The current climate and nature crisis is not only an environmental issue, but an economic, development, security, social, moral and ethical issue too. Our world’s most vulnerable people, places and wildlife — often those least responsible — are at greatest risk, and already suffering.
Having just spent the past week at the Blue Earth Summit here in Bristol, if one thing is clear, it’s that we’re placing too much pressure on the natural world, driving an escalating nature crisis which, in turn, is undermining its ability to provide crucial services, including climate change mitigation and adaptation.
Our destruction of nature is also increasing our vulnerability to pandemics, while placing the most vulnerable at the greatest risk.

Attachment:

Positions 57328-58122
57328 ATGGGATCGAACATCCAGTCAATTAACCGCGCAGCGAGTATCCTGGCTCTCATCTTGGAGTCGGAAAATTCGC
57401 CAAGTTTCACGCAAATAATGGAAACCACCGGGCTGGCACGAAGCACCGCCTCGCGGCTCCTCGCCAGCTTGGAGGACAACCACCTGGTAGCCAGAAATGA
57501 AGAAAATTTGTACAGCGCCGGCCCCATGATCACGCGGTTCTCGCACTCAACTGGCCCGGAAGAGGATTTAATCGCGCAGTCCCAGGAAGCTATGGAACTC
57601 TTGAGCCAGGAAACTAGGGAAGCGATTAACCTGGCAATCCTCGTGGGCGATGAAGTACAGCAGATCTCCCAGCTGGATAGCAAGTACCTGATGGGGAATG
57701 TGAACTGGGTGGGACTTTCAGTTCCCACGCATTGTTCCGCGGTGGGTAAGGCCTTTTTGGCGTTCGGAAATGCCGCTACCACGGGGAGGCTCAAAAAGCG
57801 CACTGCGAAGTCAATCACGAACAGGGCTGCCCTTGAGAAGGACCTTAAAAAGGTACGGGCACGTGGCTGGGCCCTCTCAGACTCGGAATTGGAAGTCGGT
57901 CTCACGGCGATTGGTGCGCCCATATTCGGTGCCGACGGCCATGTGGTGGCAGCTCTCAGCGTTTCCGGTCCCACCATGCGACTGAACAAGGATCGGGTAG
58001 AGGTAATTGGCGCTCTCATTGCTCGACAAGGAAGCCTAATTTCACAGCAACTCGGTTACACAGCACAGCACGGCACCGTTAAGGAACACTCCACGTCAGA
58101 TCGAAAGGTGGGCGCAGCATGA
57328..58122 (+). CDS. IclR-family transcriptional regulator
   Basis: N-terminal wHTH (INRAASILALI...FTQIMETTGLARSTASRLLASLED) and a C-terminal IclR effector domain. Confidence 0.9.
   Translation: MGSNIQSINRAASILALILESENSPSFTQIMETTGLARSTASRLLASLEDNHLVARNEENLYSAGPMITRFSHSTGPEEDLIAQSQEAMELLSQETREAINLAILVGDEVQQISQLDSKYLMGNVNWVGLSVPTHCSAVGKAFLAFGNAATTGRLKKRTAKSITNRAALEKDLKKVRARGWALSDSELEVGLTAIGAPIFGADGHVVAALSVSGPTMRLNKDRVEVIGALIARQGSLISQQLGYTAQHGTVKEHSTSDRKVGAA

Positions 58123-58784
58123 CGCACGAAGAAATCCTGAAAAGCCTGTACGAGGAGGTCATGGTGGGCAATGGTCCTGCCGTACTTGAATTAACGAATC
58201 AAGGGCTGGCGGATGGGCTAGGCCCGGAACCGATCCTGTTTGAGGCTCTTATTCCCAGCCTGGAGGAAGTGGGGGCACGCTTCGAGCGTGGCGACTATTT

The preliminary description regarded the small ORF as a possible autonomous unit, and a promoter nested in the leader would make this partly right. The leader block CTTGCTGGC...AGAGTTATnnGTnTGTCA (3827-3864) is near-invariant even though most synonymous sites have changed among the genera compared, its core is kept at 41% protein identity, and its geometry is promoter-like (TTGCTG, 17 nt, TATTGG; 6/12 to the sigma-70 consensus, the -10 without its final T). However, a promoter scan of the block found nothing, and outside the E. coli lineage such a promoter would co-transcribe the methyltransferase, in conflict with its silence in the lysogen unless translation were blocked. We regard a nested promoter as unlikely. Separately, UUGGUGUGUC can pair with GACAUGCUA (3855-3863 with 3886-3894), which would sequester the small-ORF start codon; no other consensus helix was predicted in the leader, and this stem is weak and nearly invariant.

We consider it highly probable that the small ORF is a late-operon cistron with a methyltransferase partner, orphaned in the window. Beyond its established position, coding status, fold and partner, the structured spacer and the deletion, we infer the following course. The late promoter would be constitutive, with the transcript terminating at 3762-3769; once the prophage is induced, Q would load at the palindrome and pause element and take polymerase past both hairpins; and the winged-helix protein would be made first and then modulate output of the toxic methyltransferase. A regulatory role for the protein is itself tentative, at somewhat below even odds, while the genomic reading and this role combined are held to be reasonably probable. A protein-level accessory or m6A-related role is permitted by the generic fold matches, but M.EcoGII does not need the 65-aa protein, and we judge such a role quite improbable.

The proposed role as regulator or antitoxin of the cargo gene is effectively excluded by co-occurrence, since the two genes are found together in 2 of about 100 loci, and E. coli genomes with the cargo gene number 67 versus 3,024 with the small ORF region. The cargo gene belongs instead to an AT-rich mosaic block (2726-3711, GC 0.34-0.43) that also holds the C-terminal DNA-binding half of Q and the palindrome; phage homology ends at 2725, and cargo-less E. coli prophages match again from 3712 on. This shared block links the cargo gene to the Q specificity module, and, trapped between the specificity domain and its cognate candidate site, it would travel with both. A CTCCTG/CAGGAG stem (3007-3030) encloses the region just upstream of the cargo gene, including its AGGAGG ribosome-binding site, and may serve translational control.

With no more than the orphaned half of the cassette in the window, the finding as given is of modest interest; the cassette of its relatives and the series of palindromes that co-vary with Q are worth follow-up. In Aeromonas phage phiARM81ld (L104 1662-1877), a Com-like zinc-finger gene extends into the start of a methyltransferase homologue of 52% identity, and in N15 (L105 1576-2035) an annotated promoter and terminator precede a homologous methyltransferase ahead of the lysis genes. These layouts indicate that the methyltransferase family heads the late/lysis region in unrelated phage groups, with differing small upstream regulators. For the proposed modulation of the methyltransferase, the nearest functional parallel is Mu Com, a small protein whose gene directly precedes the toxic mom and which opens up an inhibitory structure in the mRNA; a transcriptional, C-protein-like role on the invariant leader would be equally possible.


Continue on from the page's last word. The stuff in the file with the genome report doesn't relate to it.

But…we have the solutions to address it. We know that the health of our planet is declining, and we know why. We also know that we have the knowledge and means to address climate change and biodiversity loss. So there are things we can do.
- Implement transformational, game-changing shifts that can convert pledges and promises into practice.
- Follow-up on the landmark recognition by the UN General Assembly of Human Rights in July of this year, that climate breakdown, nature loss, pollution and pandemics are human rights crises.
- Introduce system-wide changes that re-assess how we produce and consume, the technology we use, and our economic and financial systems.
- Re-define how we value nature — not only in pricing ecosystem services to the economic system but also in terms of the value of nature in itself.
We have the capabilities to do it, and the knowledge of how.
You can read more about the Living Planet Report 2022 over at WWF.